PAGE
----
Marker Monday: Prisoners of War in Dundy County

prisoners of war in dundy county historical marker


Nebraska 61, Benkelman, Dundy County, Nebraska View this marker’s location 40.183812, -101.5308

Marker Text

In May 1944 German prisoners of war from Camp Atlanta, Nebraska, were sent to a side camp near here to help area farmers complete the 1943 corn harvest. Seven farmers employed forty-four Germans, who harvested some ten thousand bushels of corn. Six tarpapered frame buildings, enclosed by a fence, housed the prisoners; a nearby windmill served as a guard tower. The Germans returned to Camp Atlanta on June 30, 1944, and the buildings were sold in February 1945.

Further Information

A branch camp of the Atlanta Prisoner of War Camp was located in Benkelman during World War II. Over 300,000 Axis prisoners of war were held in America during World War II. In accordance with the Geneva Convention, these prisoners were often hired out to local farmers and businesses to replace the labor positions vacated by the war effort. To make working away from camp easier, branch camps were established around the base camps. Prisoners would be transferred from the base camp to the branch camp, where local employers would seek them out for different projects. Branch camps were usually located in existing structures. Rumors began to circulate in 1944 that a POW camp would be built near Benkelman. In May of that year, a camp was constructed. This camp served as a branch camp for the Atlanta base camp.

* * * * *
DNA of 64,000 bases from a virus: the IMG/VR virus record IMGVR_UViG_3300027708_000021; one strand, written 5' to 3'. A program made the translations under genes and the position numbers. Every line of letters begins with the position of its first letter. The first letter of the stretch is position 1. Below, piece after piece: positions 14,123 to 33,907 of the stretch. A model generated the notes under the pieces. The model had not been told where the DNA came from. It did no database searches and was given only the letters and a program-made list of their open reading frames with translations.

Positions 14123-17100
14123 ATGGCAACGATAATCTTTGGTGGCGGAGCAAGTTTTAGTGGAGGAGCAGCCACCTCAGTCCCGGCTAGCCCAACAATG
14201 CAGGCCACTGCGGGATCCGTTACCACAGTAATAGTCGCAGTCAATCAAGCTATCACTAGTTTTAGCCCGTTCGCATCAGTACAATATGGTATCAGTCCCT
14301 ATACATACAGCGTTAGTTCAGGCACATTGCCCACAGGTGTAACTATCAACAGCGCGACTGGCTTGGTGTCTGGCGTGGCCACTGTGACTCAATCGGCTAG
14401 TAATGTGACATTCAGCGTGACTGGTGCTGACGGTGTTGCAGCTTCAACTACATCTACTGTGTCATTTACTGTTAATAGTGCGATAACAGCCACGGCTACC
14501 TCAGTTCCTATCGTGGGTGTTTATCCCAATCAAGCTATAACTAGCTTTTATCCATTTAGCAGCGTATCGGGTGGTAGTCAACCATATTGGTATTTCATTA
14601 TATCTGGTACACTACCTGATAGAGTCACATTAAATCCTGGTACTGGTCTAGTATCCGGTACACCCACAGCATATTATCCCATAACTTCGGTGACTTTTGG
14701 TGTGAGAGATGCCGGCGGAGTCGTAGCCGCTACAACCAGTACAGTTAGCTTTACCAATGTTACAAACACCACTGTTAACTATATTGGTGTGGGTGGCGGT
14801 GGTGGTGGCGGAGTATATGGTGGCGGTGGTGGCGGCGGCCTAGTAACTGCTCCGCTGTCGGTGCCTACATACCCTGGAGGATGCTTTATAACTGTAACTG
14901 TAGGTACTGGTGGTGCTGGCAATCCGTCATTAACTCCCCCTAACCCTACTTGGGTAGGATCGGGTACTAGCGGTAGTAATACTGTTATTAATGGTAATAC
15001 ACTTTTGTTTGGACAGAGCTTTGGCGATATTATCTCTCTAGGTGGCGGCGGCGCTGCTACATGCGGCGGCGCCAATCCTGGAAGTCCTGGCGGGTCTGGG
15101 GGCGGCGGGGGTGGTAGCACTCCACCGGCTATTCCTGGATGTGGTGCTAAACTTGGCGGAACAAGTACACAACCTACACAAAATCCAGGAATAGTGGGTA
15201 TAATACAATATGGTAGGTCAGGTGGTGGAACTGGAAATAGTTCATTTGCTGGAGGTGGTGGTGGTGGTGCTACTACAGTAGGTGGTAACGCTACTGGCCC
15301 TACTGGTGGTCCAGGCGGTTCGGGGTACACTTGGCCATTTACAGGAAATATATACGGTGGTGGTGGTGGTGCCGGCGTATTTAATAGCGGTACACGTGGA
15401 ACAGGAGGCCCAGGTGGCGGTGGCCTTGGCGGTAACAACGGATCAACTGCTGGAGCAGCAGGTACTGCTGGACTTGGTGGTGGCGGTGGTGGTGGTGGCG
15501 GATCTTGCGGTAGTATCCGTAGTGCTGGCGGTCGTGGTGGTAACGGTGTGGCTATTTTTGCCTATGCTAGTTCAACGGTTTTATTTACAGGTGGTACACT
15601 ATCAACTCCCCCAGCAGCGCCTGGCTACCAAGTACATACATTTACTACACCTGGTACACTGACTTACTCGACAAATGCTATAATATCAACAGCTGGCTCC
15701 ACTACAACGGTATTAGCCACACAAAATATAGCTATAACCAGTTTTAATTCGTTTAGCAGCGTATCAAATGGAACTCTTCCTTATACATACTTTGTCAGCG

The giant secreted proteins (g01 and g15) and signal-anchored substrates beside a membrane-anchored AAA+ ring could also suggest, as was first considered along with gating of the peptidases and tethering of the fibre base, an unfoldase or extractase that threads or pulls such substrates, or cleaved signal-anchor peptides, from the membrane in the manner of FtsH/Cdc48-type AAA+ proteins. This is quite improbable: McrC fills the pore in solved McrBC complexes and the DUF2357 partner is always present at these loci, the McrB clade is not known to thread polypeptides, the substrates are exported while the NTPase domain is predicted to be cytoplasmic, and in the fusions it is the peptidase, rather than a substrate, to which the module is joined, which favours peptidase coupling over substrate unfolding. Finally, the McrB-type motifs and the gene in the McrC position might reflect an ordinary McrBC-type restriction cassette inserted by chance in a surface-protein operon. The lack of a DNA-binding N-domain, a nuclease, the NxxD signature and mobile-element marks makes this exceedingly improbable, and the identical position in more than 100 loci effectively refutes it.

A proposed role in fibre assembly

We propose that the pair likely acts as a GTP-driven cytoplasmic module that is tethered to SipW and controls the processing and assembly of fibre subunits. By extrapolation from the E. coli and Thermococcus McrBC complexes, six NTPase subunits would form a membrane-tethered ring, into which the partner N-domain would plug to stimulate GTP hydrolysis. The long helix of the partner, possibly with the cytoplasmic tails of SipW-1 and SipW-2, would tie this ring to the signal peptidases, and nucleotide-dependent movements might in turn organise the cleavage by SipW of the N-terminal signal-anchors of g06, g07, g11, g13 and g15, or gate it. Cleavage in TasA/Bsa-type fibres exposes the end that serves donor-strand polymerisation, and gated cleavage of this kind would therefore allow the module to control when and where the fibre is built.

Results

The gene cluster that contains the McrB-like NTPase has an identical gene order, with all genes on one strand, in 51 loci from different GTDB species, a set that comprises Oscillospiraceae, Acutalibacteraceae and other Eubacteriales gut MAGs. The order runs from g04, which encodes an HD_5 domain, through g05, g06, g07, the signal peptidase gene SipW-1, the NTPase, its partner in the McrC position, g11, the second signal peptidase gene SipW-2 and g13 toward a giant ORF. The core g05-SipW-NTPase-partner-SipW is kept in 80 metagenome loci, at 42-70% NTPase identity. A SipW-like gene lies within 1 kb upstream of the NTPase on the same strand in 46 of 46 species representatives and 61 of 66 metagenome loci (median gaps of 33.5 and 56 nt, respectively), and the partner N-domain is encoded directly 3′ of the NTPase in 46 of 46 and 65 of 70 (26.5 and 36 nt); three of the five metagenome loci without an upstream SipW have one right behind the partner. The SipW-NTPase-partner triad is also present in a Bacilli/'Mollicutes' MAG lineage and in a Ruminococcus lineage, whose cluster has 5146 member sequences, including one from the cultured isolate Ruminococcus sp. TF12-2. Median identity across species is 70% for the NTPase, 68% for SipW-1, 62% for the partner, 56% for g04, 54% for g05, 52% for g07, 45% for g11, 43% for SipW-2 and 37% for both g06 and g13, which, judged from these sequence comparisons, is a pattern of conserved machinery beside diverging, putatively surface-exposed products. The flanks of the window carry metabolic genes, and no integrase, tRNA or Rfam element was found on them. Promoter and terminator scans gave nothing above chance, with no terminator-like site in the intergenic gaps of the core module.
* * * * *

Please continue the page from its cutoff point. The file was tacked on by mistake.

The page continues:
Unlike most branch camps, it was constructed out of new material instead of repurposing old structures. The camp was welcome in Benkelman since the labor supply was so low the 1943 harvest hadn’t even been completed yet. It was constructed in a remote area away from the town and consisted of six buildings surrounded by a fence. A windmill was used as a guard tower. Within two months, the POWs helped harvest 10,000 bushels of wheat. Only 44 prisoners were assigned to the camp, and only 7 farmers used their labor. All the prisoners and guards left on June 30, 1944. The camp was evaluated later to see if it would be suitable for workers during the fall and winter harvest. Since it didn’t have any heating units, it was not used again.

It was officially closed on January 26, 1945, and all the structures and property of the camp were sold. It was used for a shorter period of time than any other POW camp – Thompson, Glenn. Prisoners on the Plains: The German POW Camp at Atlanta. Holdrege: Phelps County Historical Society. 1993.

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